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Auto-Backup Questions

by Zoogie (Curate)
on Jun 05, 2000 at 08:48 UTC ( #16361=perlquestion: print w/ replies, xml ) Need Help??
Zoogie has asked for the wisdom of the Perl Monks concerning the following question:

Time to seek the wisdom of the Perl Monks again...

I'm trying to write a CGI script that will turn a directory into a tar.gz archive, then return that archive to the user. The problem is, I probably later won't have the disk space to make a temporary file; is there a way I can send the output of tar directly to the browser without buffering?

Also, is there a way to modify the CGI headers such that when the browser pops up the "Save As..." dialog, the default filename is something like "backup.tar.gz" instead of "backup.cgi"?

Comment on Auto-Backup Questions
Re: Auto-Backup Questions
by nashdj (Friar) on Jun 05, 2000 at 11:53 UTC
    >Also, is there a way to modify the CGI headers such that when the browser pops up the "Save As..." dialog, the default filename is something like "backup.tar.gz" instead of "backup.cgi"?

    You can change the way the browser requests the document. However this may not be what you are after.

    If the browser requests it asblah.com/backup.cgi/backup.tar.gz?any=args&you=want It will prompt to save as backup.tar.gz and still call the backup.cgi script. You could just have calling backup.cgi without any args redirect to that location (well thats one possible solution).
Re: Auto-Backup Questions
by athomason (Curate) on Jun 05, 2000 at 11:58 UTC
    1) To get the output of a command into a file descriptor use something like
    open(TAR, "tar <options> |") or die "couldn't tar"; print while <TAR>;

    2) The webservers I've used will let you trick the browser into thinking a file has a different name by treating the script as a directory. For example, if you have a script at "http://here.com/cgi/download.cgi", you could have the browser pop up with "thisfile.tar.gz" by showing the user the URL "http://here.com/cgi/download.cgi/thisfile.tar.gz". Also make sure you send the appropriate content-type header. Check your webserver docs and give it a shot, though your mileage may vary.

Re: Auto-Backup Questions
by Corion (Pope) on Jun 05, 2000 at 12:06 UTC

    I think there should be no problem, as your script can simply attach itself to tars output. There come some problems with that, too, as your download cannot be resumed, but I guess you can live with that. Here is some code how I would try it - I've never done this myself, so a look into perlipc could maybe help you a bit more.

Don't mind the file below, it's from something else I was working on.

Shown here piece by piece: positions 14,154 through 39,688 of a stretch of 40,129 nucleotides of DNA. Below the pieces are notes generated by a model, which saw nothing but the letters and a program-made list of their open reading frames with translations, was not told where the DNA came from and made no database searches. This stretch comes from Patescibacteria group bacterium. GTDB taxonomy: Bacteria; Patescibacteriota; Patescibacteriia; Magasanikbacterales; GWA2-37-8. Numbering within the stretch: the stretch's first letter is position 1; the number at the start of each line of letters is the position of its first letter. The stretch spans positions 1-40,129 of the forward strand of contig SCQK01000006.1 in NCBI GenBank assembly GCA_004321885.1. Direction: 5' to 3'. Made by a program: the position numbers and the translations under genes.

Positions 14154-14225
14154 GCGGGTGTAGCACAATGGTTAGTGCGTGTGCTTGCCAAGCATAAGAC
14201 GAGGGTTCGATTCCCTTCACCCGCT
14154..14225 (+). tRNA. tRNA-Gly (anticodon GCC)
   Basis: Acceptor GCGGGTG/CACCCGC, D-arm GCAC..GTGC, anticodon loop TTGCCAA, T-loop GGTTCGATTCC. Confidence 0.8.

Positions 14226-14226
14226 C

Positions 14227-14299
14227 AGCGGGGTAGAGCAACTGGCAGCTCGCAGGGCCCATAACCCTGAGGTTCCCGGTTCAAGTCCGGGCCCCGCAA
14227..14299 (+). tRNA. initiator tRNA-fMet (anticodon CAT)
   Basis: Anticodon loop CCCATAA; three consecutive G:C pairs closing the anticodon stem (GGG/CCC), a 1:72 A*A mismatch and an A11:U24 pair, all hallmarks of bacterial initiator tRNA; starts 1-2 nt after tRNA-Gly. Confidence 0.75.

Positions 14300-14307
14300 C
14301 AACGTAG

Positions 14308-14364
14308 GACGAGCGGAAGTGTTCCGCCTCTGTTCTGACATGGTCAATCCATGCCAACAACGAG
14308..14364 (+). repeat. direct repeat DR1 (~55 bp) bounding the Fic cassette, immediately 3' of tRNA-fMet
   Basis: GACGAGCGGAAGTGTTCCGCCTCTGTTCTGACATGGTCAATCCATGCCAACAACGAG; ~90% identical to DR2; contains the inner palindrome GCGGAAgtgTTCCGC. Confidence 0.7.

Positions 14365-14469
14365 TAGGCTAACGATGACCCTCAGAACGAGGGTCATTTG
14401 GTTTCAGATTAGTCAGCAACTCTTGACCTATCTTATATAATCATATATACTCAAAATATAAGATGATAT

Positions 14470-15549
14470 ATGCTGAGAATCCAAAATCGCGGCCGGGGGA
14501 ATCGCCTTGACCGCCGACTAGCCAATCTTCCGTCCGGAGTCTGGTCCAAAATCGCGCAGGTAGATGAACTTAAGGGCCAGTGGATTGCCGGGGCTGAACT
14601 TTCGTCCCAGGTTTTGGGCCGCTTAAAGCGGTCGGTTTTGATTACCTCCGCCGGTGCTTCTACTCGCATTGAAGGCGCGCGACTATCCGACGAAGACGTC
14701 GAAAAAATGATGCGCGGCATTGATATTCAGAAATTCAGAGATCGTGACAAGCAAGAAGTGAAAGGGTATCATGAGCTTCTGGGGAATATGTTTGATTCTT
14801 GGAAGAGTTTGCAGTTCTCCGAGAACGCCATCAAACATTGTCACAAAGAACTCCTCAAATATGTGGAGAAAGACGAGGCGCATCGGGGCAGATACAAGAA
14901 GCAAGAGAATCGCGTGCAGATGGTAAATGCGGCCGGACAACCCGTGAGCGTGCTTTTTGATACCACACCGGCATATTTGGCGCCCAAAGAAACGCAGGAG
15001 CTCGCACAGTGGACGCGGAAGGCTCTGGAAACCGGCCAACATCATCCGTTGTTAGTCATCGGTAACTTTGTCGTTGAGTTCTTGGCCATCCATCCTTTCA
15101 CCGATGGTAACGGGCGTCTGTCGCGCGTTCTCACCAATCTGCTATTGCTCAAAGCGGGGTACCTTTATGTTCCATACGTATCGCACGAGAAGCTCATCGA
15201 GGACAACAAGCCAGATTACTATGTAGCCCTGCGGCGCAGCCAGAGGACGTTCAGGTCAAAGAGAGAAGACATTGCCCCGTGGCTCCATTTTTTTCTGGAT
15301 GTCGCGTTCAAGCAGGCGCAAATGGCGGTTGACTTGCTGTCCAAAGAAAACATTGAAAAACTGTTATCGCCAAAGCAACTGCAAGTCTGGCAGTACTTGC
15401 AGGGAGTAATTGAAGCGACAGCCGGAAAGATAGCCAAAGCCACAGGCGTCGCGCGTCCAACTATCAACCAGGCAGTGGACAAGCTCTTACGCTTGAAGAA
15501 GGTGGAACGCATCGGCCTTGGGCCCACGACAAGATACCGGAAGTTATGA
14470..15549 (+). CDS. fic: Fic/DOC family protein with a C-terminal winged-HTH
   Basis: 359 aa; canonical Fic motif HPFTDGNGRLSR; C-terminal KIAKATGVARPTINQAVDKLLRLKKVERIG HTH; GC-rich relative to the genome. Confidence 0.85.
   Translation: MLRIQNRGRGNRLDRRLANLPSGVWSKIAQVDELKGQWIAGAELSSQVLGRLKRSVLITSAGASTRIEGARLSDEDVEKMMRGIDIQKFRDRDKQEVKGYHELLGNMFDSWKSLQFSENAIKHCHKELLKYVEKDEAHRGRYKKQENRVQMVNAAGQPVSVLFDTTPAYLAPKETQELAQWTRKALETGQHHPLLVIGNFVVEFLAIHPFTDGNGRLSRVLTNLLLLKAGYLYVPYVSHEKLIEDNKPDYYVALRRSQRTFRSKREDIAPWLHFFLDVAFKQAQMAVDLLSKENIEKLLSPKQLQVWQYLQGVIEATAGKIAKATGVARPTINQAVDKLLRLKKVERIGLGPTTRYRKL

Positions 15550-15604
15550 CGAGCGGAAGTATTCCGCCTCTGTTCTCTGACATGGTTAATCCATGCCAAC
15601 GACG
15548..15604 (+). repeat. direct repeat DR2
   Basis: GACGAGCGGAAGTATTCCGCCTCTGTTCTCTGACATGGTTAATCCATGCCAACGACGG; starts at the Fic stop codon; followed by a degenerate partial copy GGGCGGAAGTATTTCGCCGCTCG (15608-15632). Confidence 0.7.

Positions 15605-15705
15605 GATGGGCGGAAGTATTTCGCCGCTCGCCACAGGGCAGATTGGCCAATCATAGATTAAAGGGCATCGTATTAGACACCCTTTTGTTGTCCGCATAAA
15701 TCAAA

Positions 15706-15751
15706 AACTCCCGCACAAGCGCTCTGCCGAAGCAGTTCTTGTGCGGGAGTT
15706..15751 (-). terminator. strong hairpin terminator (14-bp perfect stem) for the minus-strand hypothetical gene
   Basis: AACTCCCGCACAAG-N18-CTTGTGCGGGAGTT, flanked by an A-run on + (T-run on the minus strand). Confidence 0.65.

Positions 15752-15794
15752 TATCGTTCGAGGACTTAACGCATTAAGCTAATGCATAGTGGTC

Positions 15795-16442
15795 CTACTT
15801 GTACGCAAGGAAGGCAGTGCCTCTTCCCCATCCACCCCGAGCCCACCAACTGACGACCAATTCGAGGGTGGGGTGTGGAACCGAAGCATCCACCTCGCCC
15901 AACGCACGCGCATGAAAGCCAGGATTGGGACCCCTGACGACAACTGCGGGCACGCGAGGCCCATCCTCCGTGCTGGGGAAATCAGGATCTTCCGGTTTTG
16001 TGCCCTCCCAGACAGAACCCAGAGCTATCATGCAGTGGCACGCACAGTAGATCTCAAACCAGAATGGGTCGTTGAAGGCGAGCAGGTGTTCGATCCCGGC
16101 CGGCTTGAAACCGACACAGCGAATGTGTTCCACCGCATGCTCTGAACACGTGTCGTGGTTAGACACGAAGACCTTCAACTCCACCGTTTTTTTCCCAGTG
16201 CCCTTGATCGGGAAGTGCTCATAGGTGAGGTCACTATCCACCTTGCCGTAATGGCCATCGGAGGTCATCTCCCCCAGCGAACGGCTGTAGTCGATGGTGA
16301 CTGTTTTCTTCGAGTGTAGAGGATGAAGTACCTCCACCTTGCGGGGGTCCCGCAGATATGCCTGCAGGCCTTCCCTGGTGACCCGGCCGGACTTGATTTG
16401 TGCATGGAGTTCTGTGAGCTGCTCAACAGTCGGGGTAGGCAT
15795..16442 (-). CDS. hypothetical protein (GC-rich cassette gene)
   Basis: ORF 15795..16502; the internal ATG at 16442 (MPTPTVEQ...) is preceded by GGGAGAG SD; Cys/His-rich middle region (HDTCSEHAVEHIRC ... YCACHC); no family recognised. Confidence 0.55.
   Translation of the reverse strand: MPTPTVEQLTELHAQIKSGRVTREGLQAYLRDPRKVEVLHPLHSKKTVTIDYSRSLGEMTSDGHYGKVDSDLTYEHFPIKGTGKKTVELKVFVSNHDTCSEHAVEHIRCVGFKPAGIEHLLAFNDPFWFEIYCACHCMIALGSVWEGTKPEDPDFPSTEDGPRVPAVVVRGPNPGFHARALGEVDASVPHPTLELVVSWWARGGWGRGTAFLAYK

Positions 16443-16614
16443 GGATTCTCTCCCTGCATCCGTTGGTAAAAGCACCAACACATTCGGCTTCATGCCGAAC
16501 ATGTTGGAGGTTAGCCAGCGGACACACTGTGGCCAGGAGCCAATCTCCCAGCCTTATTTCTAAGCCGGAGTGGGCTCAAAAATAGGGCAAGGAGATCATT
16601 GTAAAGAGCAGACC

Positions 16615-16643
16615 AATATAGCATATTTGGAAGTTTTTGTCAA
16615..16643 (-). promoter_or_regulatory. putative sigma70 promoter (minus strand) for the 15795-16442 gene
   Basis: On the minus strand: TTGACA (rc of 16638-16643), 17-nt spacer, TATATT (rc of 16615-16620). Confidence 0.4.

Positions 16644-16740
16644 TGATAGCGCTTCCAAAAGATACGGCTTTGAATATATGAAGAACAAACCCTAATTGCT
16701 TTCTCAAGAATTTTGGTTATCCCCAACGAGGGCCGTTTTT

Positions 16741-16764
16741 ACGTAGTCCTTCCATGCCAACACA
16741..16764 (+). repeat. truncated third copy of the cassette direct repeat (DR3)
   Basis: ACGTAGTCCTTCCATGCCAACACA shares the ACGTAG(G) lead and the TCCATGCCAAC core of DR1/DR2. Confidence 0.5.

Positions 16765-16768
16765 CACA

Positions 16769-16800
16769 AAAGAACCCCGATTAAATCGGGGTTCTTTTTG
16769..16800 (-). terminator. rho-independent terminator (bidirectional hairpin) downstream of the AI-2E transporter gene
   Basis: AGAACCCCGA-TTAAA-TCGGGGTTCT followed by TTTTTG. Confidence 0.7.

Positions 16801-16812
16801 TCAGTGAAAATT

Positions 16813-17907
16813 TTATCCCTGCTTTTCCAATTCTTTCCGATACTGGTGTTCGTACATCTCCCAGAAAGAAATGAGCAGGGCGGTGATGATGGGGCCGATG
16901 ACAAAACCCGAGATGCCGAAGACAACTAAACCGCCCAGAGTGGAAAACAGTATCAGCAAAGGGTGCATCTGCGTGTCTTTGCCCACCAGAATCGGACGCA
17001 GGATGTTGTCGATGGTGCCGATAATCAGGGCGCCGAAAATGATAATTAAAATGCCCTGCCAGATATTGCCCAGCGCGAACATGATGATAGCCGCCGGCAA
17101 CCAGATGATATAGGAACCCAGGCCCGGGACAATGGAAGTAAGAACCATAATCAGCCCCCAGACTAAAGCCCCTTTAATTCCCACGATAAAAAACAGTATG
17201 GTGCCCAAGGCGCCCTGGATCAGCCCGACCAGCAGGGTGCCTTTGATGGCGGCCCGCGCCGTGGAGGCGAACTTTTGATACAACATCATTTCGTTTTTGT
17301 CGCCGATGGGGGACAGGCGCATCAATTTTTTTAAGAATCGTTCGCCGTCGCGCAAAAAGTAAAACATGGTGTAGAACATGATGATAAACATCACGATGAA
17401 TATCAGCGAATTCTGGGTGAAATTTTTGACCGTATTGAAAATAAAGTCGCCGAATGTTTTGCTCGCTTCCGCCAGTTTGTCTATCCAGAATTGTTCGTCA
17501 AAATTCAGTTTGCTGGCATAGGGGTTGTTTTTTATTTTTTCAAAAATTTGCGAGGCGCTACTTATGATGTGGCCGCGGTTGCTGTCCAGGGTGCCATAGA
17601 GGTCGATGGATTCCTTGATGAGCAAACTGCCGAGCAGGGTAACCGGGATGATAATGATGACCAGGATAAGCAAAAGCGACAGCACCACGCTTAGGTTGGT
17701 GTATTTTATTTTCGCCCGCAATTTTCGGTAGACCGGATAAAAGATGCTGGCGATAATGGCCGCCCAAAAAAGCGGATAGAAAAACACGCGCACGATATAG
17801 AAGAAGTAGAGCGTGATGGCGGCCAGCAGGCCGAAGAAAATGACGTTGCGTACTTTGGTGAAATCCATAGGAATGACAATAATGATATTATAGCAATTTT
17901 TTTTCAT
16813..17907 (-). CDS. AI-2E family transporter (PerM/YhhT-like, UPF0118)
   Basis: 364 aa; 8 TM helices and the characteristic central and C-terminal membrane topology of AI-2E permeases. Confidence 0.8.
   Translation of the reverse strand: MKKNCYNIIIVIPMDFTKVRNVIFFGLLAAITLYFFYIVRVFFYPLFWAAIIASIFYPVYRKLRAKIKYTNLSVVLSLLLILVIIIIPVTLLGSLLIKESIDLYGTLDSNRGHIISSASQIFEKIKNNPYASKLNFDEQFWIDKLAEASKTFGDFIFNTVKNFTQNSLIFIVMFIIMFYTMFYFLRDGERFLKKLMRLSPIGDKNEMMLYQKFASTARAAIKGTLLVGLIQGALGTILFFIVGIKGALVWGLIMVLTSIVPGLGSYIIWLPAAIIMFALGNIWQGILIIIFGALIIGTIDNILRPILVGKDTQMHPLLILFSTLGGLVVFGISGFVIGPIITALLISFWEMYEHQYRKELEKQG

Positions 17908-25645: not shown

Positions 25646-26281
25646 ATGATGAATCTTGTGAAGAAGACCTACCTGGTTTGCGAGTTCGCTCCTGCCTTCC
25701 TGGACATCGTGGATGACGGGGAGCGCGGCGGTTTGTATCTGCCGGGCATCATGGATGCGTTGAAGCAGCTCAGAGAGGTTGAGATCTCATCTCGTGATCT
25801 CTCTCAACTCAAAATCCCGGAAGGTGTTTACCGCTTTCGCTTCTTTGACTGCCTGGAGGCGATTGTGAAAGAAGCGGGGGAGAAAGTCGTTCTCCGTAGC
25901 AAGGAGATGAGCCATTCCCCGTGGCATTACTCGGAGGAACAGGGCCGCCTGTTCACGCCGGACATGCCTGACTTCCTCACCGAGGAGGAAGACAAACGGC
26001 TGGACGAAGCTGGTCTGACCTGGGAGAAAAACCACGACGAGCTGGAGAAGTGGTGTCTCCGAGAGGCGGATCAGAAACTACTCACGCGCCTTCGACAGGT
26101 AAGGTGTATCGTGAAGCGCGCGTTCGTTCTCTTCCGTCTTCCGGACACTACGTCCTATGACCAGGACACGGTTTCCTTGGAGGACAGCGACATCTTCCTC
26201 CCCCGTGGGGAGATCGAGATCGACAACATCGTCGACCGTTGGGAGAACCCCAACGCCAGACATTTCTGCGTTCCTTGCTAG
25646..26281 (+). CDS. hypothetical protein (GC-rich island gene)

$blocksize = 4096; open( BACKUP, "tar cz $directory |" ) or die "can't fork tar: $!\n"; binmode BACKUP; # just to be on the safe side do { $read = read( BACKUP, $data, $blocksize ) or die "can't read: $!\n +"; if ($read) { print $data; }; } while $read; close BACKUP;

    As with your second problem, the "wrong" filename, you can either instruct your webserver to treat your script as a directory and everything following the script name as a parameter to your script (look in the Apache documentation, as it's been a long time since I did this, I guess under SCRIPTEXEC), and issue a redirect from your script (if called without parameters) to an URL with the parameters :

    http://invalid.com/cgi-bin/backup.cgi -> http://invalid.com/cgi-bin/backup.cgi/backup.tar.gz

RE: Auto-Backup Questions
by t0mas (Priest) on Jun 05, 2000 at 13:48 UTC
    You can try:
    use CGI; use Archive::Tar; use Compress::Zlib; $tar=Archive::Tar->new(); $tar->add_files("my","list","of","files"); $gz=Compress::Zlib::memGzip($tar->write()); print "Content-type: application/x-gzip\r\n"; print header(-type => 'application/x-gzip'); print $gz;
    Can't help you with the default filename, the tar part works though, but if don't have the diskspace, maybe you won't have the memory...

    /brother t0mas
      You can use a Content-disposition header for the default filename:
      print "Content-disposition: attachment; filename=foobar.tar.gz\n";


      ar0n ]

Re: Auto-Backup Questions
by jjhorner (Hermit) on Jun 05, 2000 at 16:10 UTC

    The first part of answering any problem is asking the full question:

    • How often will the contents change?
    • How many times will this be called?
    • How many users?
    • How large are the files?
    • Is there any reason (from the questions above) that you can't just use a cron job to create tar files periodically, saving system power, and user time?
    J. J. Horner
    Linux, Perl, Apache, Stronghold, Unix
    jhorner@knoxlug.org http://www.knoxlug.org/
    

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